• The HBR Guide to Coaching Your Employees

    My Posts at HBR
Related Posts with Thumbnails

« Marcus Aurelius, 3,000 Years and the Present Moment | Main | The Layer Cake of Working Life »

Aug 27, 2012



Lovely blog. I particularly enjoyed the truffle pigs metaphor. And as you say, we need to practice. I've been working with some great tools for practicing, called the Core Protocols (Open source, avail on www.liveingreatness.com). One of the tools, Check In, provides a clean container for sharing feelings, while making sharing safe enough that starting to practice isn't an overwhelmingly risky venture. On safety, freedom and coherence in communication using the Core, see my latest book: Closing The Me-You Gap.


Thanks, Vickie. I've long been a fan of checking in as a way to start meetings. That said, I particularly appreciate the clarity and specificity of the Core Protocols--thanks for the reference. It reminds me of what I've learned about agile coaching and feels like a very helpful set of tools. Good luck with the book!


Great article.
These points, still widely misunderstood by many people, are vital to understanding how our emotions operate. The belief that emotions can be suppressed is being discredited by neuroscience - and as you say "we leak" when we try. The science on emotional contagion is showing just how exquisitely sensitive the system is.
Really appreciate your point that the only way to develop this "learned skill" is to practice.



As you said, being open and vulnerable is easy to say but not so easy to do. The "soft " skills are really the more challenging ones and I'm still working on it.


Thanks, Louise and Alan. I think we're talking about applied emotional intelligence here, and, as you both suggest, this is one of those areas where conceptual understanding is helpful but ultimately insufficient. Reading up on recent research in neuroscience and social psychology has helped me tremendously as a coach (and as a person), and yet in the end I still have to step up, lean into difficult conversations, and talk about my feelings. It's not always easy or fun, but that's the only way forward.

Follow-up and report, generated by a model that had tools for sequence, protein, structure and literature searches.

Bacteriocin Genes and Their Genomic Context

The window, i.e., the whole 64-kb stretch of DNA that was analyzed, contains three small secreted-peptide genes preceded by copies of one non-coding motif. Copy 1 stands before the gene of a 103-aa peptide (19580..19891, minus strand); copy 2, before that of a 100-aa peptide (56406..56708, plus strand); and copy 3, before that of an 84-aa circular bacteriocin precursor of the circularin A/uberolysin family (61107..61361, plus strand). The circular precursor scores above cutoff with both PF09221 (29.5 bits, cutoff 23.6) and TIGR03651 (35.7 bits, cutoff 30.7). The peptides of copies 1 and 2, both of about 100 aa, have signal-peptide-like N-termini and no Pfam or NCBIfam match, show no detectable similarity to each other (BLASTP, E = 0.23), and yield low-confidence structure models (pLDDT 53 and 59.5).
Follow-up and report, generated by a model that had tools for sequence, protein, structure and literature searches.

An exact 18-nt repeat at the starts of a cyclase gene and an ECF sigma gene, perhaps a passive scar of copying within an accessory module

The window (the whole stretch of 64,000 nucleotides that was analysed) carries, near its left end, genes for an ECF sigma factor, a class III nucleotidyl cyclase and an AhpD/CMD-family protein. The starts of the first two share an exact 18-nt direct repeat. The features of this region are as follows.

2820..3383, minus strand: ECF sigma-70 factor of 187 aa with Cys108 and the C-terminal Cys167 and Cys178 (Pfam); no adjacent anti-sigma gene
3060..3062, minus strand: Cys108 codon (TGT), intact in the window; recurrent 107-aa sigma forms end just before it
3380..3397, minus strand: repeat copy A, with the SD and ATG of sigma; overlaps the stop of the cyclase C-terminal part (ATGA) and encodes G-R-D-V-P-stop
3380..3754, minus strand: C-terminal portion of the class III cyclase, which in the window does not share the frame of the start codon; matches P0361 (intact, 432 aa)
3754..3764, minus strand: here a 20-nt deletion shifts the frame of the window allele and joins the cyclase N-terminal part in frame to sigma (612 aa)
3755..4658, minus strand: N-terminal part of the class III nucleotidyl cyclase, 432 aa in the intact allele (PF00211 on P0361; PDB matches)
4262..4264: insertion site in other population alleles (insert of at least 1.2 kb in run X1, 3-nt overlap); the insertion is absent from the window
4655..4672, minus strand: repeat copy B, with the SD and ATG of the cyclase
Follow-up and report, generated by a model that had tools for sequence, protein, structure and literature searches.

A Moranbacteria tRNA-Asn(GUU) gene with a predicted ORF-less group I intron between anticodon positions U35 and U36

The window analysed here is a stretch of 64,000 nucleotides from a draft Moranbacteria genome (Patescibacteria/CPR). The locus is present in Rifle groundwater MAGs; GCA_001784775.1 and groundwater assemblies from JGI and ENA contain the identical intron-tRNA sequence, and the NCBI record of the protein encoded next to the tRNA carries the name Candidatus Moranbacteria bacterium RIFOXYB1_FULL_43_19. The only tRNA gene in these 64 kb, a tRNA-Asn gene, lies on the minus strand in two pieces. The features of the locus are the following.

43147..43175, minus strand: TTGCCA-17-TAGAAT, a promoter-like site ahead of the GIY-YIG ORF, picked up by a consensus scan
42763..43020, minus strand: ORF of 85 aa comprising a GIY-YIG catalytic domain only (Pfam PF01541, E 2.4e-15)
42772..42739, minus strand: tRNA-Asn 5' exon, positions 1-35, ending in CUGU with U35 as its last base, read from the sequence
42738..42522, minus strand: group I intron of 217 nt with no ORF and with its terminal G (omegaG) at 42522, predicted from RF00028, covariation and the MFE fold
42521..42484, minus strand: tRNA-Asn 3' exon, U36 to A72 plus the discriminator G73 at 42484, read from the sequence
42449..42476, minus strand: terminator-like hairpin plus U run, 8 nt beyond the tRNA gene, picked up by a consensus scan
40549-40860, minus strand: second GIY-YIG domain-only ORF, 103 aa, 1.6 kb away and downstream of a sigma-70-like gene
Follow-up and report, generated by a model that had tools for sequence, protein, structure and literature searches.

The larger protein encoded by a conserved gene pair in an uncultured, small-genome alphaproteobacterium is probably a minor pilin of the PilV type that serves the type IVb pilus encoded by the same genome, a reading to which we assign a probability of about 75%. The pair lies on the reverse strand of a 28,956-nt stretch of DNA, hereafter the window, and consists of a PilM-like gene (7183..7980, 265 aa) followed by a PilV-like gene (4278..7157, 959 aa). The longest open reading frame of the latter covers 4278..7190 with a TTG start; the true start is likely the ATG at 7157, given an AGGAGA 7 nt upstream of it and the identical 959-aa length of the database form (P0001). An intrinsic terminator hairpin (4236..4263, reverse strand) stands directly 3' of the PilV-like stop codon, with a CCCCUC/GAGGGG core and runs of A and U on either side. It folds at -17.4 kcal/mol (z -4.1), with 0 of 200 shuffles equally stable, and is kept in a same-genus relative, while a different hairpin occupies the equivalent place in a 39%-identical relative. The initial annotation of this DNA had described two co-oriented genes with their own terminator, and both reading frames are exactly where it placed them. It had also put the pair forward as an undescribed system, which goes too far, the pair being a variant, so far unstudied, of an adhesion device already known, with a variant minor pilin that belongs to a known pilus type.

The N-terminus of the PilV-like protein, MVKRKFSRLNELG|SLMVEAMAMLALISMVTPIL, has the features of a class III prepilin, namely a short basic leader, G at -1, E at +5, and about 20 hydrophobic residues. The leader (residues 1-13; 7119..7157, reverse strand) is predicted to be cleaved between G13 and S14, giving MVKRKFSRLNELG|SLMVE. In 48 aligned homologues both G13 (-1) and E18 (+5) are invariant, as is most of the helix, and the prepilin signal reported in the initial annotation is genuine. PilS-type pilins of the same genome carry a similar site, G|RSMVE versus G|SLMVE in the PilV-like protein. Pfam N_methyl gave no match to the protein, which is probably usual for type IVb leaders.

Holly Ross

Another gem Ed! I just read Leadership and Self-Deception. Not the best written piece of work ever, but it addresses the "porosity" of our emotions really well. Pretending to be nice is never an effective strategy, because your colleagues can generally tell that you are actually livid, as you point out. And they don't hear your message, they just feel your inauthenticity (is that a word?).

This has been a struggle for me. I don't have a lot of self-control when it comes to my emotions. So recognizing them when they happen and acknowledging them is really important. Then I can put it aside and deal with people authentically, and not from a place of anger, or embarrassment, or hurt, masked by a smile.


Thanks, Holly! I appreciate that. I've also read that book--it was actually a treasured gift from a client. And I agree that like most parables, it's not great writing, and yet its fundamental point is compelling (and very aligned with this post.)

I'm glad to hear about your own journey in this area. What I've learned about myself is that in some settings and in some relationships, I don't have enough control over my emotions, and I need to be a little more self-regulated to connect with people effectively--but at the same time, in other settings and other relationships, I exert too much control over my emotions, and I need to be less regulated to connect effectively.

The challenge is not getting stuck in one "mode" or the other, and allowing myself to move more freely along that spectrum.

Verify your Comment

Previewing your Comment

This is only a preview. Your comment has not yet been posted.

Your comment could not be posted. Error type:
Your comment has been saved. Comments are moderated and will not appear until approved by the author. Post another comment

The letters and numbers you entered did not match the image. Please try again.

As a final step before posting your comment, enter the letters and numbers you see in the image below. This prevents automated programs from posting comments.

Having trouble reading this image? View an alternate.


Post a comment

Comments are moderated, and will not appear until the author has approved them.

Recent Posts